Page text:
Background: The goal of this study was to evaluate the effect of nasal surgery alone on sleep quality, architecture, position, and sleep-disordered breathing (SDB) (including obstructive apnea and snoring) in adult patients with obstructive sleep apnea syndrome (OSAS) and nasal obstruction. Methods: A total of 22 consecutive male patients (mean age, 41.3 ± 10.9 years) with OSAS and nasal obstruction, who underwent nasal surgery alone, were enrolled in the study. We compared polysomnographic data related with sleep quality (sleep efficiency [SE] and arousal index [ArI]), sleep architecture (stages N [nonrapid eye movement], 1, 2, and 3, and R [rapid eye movement]), the distribution of sleep positions, and SDB (apnea-hypopnea index [AHI], apnea index [AI], minimum arterial oxygen saturation [SaO 2], and snoring) before and after nasal surgery. Results: SE (from 86.6 ± 6.3% to 89.7 ± 7.1%; p = 0.039), stage R (from 15.3 ± 4.8% to 18.6 ± 5.4%; p = 0.016) and snoring (from 32.2 ± 16.4% to 25.8 ± 18.6%; p = 0.045) significantly changed after nasal surgery. However, there were no significant changes in ArI, other sleep stages, the proportion of sleep time spent in the supine position, AHI, AI, and minimum SaO 2 after nasal surgery. Conclusion: Nasal surgery alone was partially effective in improving sleep quality, architecture, and snoring, but it had no effect on the change of the distribution of sleep positions and obstructive apnea in patients with OSAS and nasal obstruction.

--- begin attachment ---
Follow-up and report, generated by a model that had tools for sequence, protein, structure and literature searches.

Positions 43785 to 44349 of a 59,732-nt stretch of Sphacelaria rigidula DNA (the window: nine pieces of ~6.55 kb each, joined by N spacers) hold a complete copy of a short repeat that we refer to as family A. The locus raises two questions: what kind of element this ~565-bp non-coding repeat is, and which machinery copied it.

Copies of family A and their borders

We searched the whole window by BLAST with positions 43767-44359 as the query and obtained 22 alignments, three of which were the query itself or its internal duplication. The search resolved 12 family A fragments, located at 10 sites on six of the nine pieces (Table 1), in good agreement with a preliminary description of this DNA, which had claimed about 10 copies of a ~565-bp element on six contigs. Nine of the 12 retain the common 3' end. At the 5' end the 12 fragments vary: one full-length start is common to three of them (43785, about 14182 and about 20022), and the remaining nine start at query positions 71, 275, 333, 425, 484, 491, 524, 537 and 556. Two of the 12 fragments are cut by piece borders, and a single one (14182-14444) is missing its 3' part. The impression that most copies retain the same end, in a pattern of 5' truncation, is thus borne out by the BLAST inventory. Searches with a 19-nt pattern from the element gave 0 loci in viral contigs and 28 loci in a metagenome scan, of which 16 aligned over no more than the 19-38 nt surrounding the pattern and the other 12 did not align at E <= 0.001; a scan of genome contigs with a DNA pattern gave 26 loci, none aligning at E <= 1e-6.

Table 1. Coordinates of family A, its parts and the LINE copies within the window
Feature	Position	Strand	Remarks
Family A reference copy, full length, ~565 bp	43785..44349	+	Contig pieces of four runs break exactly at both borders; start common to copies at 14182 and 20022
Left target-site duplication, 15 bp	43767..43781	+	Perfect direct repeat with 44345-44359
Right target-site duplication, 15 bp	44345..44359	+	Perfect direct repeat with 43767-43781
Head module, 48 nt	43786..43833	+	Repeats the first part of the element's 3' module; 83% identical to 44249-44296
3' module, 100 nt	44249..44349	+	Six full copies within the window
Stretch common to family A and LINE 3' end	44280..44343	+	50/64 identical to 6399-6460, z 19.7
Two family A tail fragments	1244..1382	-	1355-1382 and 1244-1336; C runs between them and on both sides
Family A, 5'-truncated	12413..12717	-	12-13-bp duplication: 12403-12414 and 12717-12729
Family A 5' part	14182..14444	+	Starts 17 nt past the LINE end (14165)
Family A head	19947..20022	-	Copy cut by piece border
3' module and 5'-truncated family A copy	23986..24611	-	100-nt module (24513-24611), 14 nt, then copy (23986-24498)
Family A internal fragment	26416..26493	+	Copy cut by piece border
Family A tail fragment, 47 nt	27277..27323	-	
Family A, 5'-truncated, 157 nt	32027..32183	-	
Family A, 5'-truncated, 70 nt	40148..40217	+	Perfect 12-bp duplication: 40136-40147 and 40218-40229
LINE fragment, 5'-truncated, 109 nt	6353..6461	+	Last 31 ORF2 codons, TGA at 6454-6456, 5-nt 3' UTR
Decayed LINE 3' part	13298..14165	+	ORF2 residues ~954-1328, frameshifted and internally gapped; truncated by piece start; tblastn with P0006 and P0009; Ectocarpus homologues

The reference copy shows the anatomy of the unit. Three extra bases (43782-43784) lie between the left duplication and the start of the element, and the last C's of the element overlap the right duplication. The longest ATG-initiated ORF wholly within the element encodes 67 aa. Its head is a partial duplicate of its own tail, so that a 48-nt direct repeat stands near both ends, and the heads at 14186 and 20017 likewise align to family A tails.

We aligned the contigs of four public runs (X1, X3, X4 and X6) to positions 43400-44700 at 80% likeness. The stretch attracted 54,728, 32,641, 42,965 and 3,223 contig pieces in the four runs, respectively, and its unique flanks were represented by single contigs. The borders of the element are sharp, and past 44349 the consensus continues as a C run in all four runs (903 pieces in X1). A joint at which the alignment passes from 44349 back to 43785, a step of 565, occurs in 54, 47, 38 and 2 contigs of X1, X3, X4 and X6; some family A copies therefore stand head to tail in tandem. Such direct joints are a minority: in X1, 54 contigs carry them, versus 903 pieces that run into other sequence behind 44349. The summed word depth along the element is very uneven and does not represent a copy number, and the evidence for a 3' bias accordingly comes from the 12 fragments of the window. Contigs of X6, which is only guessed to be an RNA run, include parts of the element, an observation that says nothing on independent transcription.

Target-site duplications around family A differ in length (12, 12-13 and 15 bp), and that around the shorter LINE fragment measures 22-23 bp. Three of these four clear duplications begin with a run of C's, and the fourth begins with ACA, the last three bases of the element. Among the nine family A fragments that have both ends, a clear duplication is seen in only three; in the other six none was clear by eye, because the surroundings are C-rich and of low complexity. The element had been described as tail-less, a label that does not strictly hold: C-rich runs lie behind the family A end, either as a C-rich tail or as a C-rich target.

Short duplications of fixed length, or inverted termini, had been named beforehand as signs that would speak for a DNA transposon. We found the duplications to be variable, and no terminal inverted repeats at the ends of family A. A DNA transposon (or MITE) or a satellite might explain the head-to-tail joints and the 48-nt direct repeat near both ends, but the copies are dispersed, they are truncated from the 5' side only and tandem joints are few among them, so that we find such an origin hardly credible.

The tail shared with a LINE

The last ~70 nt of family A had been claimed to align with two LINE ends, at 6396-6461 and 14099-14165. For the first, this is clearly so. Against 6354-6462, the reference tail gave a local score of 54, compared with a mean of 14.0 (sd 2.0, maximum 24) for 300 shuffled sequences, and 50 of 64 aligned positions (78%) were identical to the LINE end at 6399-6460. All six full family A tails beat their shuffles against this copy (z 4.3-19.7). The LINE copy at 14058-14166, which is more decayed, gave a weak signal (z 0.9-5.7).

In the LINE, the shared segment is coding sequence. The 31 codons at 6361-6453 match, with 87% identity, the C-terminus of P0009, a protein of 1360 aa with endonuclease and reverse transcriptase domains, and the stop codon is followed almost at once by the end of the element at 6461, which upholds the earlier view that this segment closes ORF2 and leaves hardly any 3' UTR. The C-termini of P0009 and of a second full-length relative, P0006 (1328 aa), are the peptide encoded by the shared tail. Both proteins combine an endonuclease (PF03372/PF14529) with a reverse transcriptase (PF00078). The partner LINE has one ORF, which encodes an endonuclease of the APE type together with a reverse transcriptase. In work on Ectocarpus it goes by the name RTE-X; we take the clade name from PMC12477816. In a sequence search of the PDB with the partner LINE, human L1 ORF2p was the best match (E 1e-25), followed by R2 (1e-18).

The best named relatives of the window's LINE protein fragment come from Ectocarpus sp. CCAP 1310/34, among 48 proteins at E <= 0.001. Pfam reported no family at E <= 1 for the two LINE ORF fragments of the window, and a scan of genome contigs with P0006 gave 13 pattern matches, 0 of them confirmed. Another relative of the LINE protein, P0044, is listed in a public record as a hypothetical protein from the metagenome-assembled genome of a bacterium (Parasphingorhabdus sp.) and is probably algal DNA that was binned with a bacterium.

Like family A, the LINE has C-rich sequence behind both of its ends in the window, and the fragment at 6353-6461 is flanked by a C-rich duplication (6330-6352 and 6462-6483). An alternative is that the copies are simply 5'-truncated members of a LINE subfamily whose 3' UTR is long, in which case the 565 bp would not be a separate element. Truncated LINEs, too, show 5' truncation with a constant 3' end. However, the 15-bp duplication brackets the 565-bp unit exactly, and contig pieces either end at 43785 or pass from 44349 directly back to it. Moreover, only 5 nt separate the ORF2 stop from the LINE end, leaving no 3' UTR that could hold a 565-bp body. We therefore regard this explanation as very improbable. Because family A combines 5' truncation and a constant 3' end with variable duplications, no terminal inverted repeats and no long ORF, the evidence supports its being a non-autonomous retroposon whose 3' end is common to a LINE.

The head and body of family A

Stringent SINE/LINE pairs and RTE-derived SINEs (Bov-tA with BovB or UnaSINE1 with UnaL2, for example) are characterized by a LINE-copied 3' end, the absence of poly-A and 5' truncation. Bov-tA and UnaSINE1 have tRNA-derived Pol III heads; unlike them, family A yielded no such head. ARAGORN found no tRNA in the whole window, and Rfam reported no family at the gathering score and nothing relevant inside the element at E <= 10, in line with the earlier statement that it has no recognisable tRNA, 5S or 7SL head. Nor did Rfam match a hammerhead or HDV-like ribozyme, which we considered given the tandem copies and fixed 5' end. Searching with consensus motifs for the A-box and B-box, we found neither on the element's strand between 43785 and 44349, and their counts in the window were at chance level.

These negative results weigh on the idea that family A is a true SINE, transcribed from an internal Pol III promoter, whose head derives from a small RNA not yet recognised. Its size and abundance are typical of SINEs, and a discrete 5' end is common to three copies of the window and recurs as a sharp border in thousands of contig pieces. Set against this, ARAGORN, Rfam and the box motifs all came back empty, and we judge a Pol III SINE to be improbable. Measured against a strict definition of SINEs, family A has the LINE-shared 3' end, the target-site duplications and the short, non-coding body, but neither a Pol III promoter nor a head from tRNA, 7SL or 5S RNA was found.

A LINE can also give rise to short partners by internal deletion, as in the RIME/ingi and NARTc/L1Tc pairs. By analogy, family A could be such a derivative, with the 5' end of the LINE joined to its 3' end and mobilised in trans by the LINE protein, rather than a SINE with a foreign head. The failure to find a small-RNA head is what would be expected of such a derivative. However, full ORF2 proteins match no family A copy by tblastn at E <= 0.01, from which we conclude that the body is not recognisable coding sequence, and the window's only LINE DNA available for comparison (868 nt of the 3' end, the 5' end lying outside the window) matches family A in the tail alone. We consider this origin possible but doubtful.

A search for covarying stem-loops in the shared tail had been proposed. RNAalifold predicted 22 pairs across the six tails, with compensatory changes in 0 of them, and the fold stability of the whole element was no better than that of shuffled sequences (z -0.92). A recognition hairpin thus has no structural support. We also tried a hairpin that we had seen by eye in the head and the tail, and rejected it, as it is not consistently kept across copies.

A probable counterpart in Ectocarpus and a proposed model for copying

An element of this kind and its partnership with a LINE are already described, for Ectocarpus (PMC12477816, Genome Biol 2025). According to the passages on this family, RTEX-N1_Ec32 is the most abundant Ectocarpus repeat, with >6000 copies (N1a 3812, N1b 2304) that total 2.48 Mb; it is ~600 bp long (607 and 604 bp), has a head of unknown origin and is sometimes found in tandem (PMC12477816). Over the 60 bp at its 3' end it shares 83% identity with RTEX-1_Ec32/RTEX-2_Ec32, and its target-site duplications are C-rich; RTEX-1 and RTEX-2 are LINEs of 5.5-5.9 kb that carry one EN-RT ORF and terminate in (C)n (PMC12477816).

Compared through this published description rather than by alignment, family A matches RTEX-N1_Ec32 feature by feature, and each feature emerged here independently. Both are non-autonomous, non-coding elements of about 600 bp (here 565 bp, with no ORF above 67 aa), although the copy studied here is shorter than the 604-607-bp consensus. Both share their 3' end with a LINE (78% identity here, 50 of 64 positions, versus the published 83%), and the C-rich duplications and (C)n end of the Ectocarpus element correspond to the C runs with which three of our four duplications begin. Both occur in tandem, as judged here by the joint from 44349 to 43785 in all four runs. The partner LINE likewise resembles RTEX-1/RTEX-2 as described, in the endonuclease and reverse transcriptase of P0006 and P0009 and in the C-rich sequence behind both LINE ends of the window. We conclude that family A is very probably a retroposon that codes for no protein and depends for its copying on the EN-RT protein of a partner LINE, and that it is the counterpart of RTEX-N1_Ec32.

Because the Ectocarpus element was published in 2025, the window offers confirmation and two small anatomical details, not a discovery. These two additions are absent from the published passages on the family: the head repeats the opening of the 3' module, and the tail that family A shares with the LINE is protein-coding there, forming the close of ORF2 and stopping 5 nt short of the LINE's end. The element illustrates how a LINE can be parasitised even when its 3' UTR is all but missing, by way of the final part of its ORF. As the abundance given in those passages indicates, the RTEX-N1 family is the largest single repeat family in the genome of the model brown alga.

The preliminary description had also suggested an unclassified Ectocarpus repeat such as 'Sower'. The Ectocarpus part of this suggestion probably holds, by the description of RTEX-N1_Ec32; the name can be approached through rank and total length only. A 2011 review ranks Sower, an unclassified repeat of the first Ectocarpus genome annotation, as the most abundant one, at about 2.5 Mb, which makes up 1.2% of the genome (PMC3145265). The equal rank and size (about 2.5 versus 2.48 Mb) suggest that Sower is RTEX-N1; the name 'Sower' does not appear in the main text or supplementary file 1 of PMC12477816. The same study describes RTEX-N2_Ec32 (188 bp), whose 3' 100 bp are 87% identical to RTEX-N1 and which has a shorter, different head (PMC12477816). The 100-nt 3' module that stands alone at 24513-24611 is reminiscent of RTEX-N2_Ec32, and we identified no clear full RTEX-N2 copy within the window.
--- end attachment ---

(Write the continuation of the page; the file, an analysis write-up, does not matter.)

ASJC Scopus subject areas
- Immunology and Allergy